Images of Wenceslaus Hollar on DVD
After his family was ruined by the Sack of Prague in the Thirty Years' War, the young Hollar, who had been destined for the law, determined to become an artist. The earliest of his works that have come down to us are dated 1625 and 1626; they are small plates, and one of them is a copy of a "Virgin and Child" by Dürer, whose influence upon Hollar's work was always great. In 1627 he moved to the region around Stuttgart; before moving to Straßburg, and then, in 1633, to Cologne.
It was in 1636 that he attracted the notice of the famous nobleman and art collector Thomas, earl of Arundel, then on an embassy to the imperial court. Employed as a draftsman he travelled with Arundel to Vienna and Prague, and finally in 1637 returned with him to England where he was to remain for many years. Though he lived in the household of Lord Arundel, he seems not to have worked exclusively for him, but to have begun selling works to publishers, which was afterwards his primary means of distribution.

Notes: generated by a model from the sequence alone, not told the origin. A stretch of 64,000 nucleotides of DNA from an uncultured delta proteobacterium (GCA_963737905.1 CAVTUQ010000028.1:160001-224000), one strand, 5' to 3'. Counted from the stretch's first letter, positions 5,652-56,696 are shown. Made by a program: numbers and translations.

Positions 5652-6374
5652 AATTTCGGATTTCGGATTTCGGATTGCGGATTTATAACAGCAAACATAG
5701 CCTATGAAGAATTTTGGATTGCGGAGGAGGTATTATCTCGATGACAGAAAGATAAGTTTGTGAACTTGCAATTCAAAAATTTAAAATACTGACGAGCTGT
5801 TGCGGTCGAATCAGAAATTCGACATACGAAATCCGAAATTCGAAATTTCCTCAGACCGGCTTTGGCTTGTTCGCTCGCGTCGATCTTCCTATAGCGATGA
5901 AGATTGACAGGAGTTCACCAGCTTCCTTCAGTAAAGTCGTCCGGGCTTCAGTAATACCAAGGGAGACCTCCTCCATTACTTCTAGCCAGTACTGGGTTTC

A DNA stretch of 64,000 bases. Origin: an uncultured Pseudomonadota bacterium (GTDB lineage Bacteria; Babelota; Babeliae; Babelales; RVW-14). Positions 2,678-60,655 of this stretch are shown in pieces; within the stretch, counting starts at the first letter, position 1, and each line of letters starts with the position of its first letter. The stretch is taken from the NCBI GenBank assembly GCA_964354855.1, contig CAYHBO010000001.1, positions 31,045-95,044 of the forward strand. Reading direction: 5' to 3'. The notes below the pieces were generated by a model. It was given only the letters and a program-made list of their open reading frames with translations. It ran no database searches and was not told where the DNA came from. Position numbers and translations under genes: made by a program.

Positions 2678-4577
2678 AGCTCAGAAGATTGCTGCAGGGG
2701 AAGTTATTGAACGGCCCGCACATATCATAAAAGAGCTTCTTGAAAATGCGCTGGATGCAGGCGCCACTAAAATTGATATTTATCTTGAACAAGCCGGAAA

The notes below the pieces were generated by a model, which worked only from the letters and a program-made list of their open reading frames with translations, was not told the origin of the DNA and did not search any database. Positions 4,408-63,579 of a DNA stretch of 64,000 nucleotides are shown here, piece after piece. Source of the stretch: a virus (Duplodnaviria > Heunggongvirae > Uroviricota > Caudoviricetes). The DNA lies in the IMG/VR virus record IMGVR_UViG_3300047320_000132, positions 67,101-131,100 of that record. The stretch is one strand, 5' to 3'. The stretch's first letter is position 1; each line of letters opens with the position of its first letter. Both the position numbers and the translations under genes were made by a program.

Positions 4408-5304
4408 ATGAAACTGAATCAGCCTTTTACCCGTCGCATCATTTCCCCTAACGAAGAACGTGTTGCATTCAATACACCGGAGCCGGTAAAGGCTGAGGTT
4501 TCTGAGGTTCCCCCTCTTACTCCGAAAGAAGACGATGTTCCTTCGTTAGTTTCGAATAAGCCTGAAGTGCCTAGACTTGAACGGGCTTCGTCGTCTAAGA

Hollar produced a variety of works; his plates number some 2740, and include views, portraits, ships, religious subjects, heraldic subjects, landscapes, and still life in many different forms. His architectural drawings, such as those of Antwerp and Strassburg cathedrals, and his views of towns, are to scale, but are intended as pictures as well. He reproduced decorative works of other artists, as in the famous chalice after Mantegna's drawing.
Almost complete collections of Hollar's work are kept in the British Museum, the print room at Windsor Castle and the National Gallery in Prague. Hollar's oeuvre was first catalogued in 1745 (2nd ed. 1759) by George Vertue. The prints were subsequently catalogued in 1853 by Gustav Parthey and in 1982 by Richard Pennington.
This digital collection contains a sampling of 1,300 of his works.
Sample thumbnails taken from the collection.
(Low resolution thumbnails - CD/DVD images are scanned at 300 DPI)